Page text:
Egypt's president-elect to sue Iranian news agency

Islamist President-elect Mohamed Mursi began talks with groups nervous about where he will take Egypt.

By REUTERS
June 27, 2012 23:06
2 minute read.
Mohamed Morsy gives victory speech on Egyptian TV

Morsy victory speech 370. (photo credit: REUTERS)

 
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CAIRO - The office of Egyptian president-elect Mohamed Mursi will file a lawsuit against the Iranian news agency Fars for making up an interview with him which said he promised to improve ties between the two countries, Mursi's spokesman said on Wednesday.

"President Mursi was never interviewed by Iran's Fars news agency. The interview was fabricated and his presidential office has begun taking legal action against the news agency," Yasser Ali told Reuters.

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Iran has hailed Mursi's victory over former air force commander Ahmed Shafik in Egypt's first free presidential election as a "splendid vision of democracy" that marked the country's "Islamic Awakening".

Since Egypt's Hosni Mubarak was toppled in one of those uprisings, both Cairo and Tehran have signaled interest in renewing ties severed more than 30 years ago.

Mursi, however, is striving to reassure Egypt's Western allies wary at the prospect of Islamist rule, and Gulf states that are deeply suspicious of Iranian influence, and is unlikely to stage major foreign policy reversals so soon after taking office.

Meanwhile, Islamist President-elect Mohamed Mursi began talks on Wednesday with groups nervous about where he will take Egypt after the generals who have ruled since Hosni Mubarak's fall make way for the republic's first civilian leader.

US Secretary of State Hillary Clinton urged Mursi to bring diverse groups into his government, mentioning Egypt's Coptic Christian minority, secular-minded Egyptians and young people.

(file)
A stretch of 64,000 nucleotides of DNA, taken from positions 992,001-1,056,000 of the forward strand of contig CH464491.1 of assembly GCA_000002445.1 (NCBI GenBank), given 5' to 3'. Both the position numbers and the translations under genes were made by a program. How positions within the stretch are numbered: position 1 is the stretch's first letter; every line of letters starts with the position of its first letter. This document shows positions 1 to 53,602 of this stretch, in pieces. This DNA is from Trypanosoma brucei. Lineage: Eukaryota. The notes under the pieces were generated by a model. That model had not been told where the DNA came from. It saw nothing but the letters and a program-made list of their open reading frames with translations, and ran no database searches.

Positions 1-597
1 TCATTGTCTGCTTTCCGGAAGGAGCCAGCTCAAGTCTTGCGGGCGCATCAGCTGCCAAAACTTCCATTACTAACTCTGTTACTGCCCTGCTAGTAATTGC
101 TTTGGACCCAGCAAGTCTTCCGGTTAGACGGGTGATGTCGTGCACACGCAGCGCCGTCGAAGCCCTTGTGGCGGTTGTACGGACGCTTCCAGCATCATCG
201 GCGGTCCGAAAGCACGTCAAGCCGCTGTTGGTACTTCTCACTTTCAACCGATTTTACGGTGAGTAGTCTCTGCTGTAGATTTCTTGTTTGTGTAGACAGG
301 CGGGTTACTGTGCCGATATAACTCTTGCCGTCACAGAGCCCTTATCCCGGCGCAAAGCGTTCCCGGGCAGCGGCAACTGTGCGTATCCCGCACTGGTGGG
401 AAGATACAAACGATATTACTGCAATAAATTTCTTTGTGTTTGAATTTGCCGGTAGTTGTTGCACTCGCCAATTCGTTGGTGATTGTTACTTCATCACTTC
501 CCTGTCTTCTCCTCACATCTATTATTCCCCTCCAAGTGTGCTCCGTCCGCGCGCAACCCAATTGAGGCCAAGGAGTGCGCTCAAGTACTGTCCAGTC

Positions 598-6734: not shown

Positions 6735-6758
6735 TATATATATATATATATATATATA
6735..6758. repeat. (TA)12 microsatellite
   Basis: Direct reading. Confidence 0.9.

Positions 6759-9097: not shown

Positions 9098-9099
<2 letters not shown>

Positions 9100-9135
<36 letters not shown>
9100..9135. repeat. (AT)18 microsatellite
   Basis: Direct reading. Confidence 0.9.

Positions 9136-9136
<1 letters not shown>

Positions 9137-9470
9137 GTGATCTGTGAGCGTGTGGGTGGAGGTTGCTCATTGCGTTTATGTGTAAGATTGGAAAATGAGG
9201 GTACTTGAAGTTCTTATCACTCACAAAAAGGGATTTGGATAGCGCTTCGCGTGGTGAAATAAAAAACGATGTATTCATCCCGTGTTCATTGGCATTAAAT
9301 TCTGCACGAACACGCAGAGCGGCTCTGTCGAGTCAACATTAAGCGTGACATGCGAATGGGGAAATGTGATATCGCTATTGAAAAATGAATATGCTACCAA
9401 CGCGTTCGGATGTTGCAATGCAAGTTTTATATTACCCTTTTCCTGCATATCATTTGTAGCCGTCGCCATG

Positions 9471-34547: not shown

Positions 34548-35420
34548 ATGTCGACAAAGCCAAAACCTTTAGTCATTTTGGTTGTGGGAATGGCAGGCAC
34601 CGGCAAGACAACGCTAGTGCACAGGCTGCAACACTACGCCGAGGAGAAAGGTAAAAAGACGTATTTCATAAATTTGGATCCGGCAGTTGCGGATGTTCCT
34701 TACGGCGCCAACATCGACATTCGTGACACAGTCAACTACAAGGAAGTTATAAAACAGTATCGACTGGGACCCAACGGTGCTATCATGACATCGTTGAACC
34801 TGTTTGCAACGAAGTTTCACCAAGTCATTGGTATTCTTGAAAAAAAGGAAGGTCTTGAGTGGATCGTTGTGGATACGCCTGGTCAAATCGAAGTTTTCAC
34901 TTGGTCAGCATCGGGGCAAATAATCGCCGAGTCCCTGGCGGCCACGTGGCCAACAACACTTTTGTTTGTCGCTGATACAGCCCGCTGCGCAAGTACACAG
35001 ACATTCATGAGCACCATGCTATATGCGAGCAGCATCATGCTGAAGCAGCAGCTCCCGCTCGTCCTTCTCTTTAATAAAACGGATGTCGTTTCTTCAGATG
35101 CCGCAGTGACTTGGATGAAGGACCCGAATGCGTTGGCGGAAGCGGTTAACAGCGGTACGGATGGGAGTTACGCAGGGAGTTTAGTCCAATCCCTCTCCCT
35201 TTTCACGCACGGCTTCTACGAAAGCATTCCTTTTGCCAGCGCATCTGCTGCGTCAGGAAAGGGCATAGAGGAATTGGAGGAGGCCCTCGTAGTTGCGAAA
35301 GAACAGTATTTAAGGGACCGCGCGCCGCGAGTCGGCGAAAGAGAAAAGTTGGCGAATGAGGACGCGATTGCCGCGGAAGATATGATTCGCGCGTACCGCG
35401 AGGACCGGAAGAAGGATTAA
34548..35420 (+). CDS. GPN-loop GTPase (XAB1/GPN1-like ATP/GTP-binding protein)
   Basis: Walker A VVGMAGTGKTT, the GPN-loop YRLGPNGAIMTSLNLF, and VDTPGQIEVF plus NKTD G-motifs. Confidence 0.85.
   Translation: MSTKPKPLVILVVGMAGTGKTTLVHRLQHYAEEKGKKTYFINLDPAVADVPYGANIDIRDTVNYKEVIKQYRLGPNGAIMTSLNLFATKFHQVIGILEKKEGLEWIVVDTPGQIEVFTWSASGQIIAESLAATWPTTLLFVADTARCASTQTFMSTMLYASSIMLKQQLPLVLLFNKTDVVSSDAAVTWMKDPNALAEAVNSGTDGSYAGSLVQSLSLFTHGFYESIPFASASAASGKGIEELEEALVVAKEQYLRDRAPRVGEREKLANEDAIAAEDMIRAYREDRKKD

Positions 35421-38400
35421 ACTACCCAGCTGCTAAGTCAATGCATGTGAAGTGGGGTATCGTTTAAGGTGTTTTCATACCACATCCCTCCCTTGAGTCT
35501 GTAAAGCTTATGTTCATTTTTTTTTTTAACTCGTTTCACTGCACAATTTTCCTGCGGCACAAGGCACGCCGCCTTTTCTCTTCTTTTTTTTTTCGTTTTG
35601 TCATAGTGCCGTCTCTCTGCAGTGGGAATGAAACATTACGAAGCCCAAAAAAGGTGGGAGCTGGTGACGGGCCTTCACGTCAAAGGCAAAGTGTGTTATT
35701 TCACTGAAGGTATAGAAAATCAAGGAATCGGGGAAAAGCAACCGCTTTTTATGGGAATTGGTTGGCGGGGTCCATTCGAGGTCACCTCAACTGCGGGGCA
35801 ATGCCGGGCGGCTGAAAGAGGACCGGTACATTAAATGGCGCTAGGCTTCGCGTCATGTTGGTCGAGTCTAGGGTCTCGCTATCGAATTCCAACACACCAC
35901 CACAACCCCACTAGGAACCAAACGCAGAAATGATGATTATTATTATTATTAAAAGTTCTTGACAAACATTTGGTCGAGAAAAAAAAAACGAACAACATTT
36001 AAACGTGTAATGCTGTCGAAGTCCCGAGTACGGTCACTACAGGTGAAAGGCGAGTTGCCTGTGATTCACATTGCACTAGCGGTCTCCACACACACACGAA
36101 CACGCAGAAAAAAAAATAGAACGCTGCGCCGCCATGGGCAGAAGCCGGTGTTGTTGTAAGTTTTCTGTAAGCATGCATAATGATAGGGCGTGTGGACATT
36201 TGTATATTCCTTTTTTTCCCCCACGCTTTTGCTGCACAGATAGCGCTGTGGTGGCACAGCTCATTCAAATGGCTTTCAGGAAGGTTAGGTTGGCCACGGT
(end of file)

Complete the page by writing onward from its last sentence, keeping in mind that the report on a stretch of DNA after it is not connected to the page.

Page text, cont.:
The US State Department played down reports that Clinton might visit Cairo this weekend, saying that she was unlikely to visit Egypt during her current trip to Europe, which is due to end on Saturday in Geneva.

Speaking at a news conference in Helsinki, Clinton stressed the importance of developing democratic institutions, including countervailing forces such as an independent judiciary and a free press.

"We hope that full democracy is understood to be more than an election," she said. "One election does not a democracy make.

"That's just the beginning of the hard work and the hard work requires pluralism, respecting the rights of minorities, independent judiciary (and) independent media..." Clinton said.

Clinton promised support for a democratic transition in Egypt, a firm US ally and a recipient of billions of dollars in US aid since it signed a peace treaty with Israel in 1979.

"We've heard some very positive statements thus far including about respecting international obligations, which would in our view cover the peace treaty with Israel, but we have to wait and judge by what is actually done," she said.

Mursi, 60, a US-trained engineer and Muslim Brotherhood insider, is expect to take his oath on Saturday, but it is uncertain where he will do so.

Parliament is the normal venue, but the constitutional court dissolved the Islamist-led lower house this month in a clear attempt to roll back the Brotherhood's electoral successes since Mubarak's overthrow in a burst of popular anger 16 months ago.

According to a government source quoted by state-run al-Ahram newspaper, the same court will swear in Mursi, but this may be unpalatable to the man who defeated a former pro-Mubarak air force chief in a run-off for the presidency this month.

The office of Egypt's president-elect Mursi said details on the swearing in ceremony would be released on Thursday.

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